UPDATE 5.01pm: Following Famitsu’s earlier reveal, Sega has now shared official word on its upcoming Monkey Ball revival.
As previously surmised, the publisher has opted to resurrect its beloved precision platforming series with a remaster of the somewhat less beloved Wii launch title Banana Blitz. The new version is called Super Monkey Ball: Banana Blitz HD, and it’s coming to Switch, Xbox One, and PS4 on 29th October. A Steam release is due some time during “Winter 2019”.
This enhanced version of the 2006 Wii game promises updated graphics and “uniquely optimised control schemes for each platform” across the game’s 100 single-player stages.
There’s also a brand-new mini-game in the form of Decathlon mode, challenging players to complete 10 mini-games in a row. However, Banana Blitz HD will see a massive reduction in mini-games compared to the original, down to 10 from the Wii game’s 50-strong line-up.
Rounding off the package are new online leaderboards – specifically for the single-player Time Attack mode and the new Decathlon Score Attack mini-game mode – and you can see precisely none of Banana Blitz HD’s new features in the announcement trailer below.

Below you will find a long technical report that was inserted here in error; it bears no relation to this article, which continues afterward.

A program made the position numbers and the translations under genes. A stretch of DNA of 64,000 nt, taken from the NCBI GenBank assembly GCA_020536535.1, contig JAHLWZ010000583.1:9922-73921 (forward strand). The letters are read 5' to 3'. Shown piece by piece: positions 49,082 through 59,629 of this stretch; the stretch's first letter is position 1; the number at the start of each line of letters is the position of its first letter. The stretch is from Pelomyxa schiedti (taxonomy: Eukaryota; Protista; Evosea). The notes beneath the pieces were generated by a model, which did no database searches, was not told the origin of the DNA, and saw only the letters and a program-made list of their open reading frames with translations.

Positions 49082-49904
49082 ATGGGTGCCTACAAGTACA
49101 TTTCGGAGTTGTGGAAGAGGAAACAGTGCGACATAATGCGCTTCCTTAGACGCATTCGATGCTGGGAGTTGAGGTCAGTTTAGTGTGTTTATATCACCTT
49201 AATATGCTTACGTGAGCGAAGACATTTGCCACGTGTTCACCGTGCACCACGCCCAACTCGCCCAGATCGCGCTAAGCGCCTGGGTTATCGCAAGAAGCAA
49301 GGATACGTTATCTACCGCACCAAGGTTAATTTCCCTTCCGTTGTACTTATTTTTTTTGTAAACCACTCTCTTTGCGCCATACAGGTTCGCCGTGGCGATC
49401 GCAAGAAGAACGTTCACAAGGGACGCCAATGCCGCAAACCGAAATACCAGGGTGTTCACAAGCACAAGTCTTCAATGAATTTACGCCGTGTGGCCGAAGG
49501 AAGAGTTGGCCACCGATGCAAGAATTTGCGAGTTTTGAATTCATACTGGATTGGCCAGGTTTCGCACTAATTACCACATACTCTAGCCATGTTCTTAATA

Super Monkey Ball: Banana Blitz HD will cost £34.99 when it launches for Switch, PlayStation 4, and Xbox One on 29th October.
ORIGINAL STORY 13.57pm: Super Monkey Ball is back for Nintendo Switch, PC and PlayStation 4. The downside? Screenshots released so far suggest it’s a remake of 2006 Wii launch title Banana Blitz.
Images posted online today (thanks, Famitsu) show levels from the ageing Wii title – although there’s nothing yet which rules out other bits and pieces being included too. More details are due in a couple of days, when Famitsu’s next print issue is released.
For now, though, we know this new version will launch in Japan on 31st October for Nintendo Switch and PlayStation 4, with a PC release set for December. We’re checking with Sega here for details on a local version.
Banana Blitz was not the worst game in the Monkey Ball series, but it was far from the best entry, either. The seventh Monkey Ball overall, it featured 100 main game levels and 50 mini-games which used the Wii Remote’s motion controls. (Yes, one of those included mini-games was Monkey Target.)
But it also added some new features which proved divisive with fans – the ability to jump over obstacles, plus a bunch of long-winded boss fights.
And, personally, I remember missing the accuracy of the old GameCube originals played with a proper pad – something which was never replicated with motion controls. Perhaps this new version will be an improvement without the requirement to use those?